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Ancient Greek Wine

6,000-Year-Old Wine Found In Greece


Archaeologists undertaking an ongoing excavation at a prehistoric settlement site in northern Greece have completed analyses of wine samples from ancient ceramics revealing evidence of wine dating back to 4200 BC . It is believed to be the oldest known traces of wine in Europe.

The excavation, located at an ancient settlement known as Dikili Tash, is situated 1.2 miles from the ancient city of Philippi and has been inhabited since 6500 B.C.  The site is a tell, a massive human-created mound of earth which looms some 15 meters above the current ground level over an area of 11 acres, the result of millennia of human building and rebuilding in the same place. Archaeological deposits in the tell extend below the current ground surface, for a total of 17 m of human occupation.

Dikili Tash has been known as an important Neolithic site for over a century, but it was only during the latest rounds of excavations at the site that the lowest levels (Early and Middle Neolithic) were identified. Not much is known about people who lived at Dikili Tash during these periods as of yet so the latest finding offers some insight into these ancient people, although the societal changes that may have been influenced by the consumption of alcohol is an issue of debate.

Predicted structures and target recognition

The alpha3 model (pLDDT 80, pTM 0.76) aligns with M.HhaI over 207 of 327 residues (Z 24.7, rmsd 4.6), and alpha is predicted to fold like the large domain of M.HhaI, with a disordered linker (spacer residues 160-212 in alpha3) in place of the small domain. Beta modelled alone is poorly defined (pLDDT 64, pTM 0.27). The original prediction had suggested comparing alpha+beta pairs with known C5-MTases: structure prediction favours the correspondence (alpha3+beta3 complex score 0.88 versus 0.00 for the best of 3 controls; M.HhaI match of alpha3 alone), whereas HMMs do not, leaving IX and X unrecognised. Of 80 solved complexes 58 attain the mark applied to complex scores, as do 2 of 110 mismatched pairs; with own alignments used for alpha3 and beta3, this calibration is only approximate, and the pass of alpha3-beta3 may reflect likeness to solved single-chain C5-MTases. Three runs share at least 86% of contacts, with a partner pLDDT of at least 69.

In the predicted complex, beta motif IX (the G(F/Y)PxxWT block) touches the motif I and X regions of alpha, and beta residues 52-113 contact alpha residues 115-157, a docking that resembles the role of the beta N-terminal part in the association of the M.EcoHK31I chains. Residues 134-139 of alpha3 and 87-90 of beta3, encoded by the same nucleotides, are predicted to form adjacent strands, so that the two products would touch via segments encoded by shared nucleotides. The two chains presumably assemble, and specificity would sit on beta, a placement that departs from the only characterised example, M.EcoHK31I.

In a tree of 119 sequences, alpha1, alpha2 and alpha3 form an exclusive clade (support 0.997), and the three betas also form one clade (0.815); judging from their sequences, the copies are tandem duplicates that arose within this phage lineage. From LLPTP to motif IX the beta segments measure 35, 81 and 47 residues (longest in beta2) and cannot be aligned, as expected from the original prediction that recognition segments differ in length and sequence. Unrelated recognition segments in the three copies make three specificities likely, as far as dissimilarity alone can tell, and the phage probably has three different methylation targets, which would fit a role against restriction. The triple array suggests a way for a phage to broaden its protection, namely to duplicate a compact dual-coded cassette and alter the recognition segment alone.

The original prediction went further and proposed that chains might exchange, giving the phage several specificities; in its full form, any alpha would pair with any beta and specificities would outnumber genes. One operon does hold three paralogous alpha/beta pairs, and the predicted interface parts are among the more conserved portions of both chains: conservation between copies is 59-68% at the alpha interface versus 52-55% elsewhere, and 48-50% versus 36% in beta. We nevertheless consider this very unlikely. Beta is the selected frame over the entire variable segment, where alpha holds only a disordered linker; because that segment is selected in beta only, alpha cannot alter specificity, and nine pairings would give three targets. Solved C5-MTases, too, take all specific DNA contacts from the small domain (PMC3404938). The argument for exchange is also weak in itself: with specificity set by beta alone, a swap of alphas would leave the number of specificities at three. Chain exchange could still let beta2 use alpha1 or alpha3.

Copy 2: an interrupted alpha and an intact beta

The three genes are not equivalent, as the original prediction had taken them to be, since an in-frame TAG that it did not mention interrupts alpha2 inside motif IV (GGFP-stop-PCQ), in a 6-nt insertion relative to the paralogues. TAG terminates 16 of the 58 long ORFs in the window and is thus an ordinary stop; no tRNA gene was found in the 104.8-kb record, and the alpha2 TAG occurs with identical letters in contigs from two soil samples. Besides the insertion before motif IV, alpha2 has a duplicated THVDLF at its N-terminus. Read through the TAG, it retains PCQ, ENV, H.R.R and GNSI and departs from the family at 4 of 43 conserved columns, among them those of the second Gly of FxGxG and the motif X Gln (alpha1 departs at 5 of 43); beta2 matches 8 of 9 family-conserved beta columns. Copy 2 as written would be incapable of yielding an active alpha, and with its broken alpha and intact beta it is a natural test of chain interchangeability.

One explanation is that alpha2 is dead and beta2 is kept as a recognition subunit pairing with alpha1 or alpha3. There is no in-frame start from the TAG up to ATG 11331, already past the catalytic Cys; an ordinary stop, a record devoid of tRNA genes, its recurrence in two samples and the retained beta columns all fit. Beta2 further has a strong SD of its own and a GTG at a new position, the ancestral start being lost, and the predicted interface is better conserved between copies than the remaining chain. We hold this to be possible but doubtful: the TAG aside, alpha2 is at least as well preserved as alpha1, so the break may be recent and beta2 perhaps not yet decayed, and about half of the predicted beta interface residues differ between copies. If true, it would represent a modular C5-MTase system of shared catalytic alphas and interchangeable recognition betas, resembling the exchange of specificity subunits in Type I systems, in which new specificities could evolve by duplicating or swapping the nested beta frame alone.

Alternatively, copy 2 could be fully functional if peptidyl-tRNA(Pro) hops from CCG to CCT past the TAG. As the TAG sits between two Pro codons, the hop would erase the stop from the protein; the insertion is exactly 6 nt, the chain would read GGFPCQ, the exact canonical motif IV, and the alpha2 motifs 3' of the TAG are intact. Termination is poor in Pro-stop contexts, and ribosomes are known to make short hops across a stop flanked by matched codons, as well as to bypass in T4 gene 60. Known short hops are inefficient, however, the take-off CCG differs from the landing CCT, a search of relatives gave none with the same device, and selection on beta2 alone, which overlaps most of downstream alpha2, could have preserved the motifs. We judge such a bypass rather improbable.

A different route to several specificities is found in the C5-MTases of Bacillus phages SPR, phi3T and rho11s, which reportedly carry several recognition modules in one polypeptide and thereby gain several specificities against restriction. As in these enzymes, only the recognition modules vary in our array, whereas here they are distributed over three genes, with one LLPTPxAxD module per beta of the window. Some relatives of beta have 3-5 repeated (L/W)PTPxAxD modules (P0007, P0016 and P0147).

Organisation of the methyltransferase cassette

"The find is highly significant for the European prehistory, because it is for the moment the oldest indication for vinification in Europe," said Dimitra Malamidou, co-director of the most recent excavation. "The historical meaning of our discovery is important for the Aegean and the European prehistory, as it gives evidence of early developments of the agricultural and diet practices, affecting social processes."

It is believed that the wine traces in Dikili Tash represent the oldest known traces of wine drinking in Europe. Previous studies have unearthed a 6,100-year-old Armenian winery, and beyond Europe, scientists have found traces of a 9,000-year-old Chinese alcohol made from rice, honey and fruit. Several months ago, archaeologists in Italy announced plans to recreate ancient wine using traditional processes described in old Roman texts.

By April Holloway

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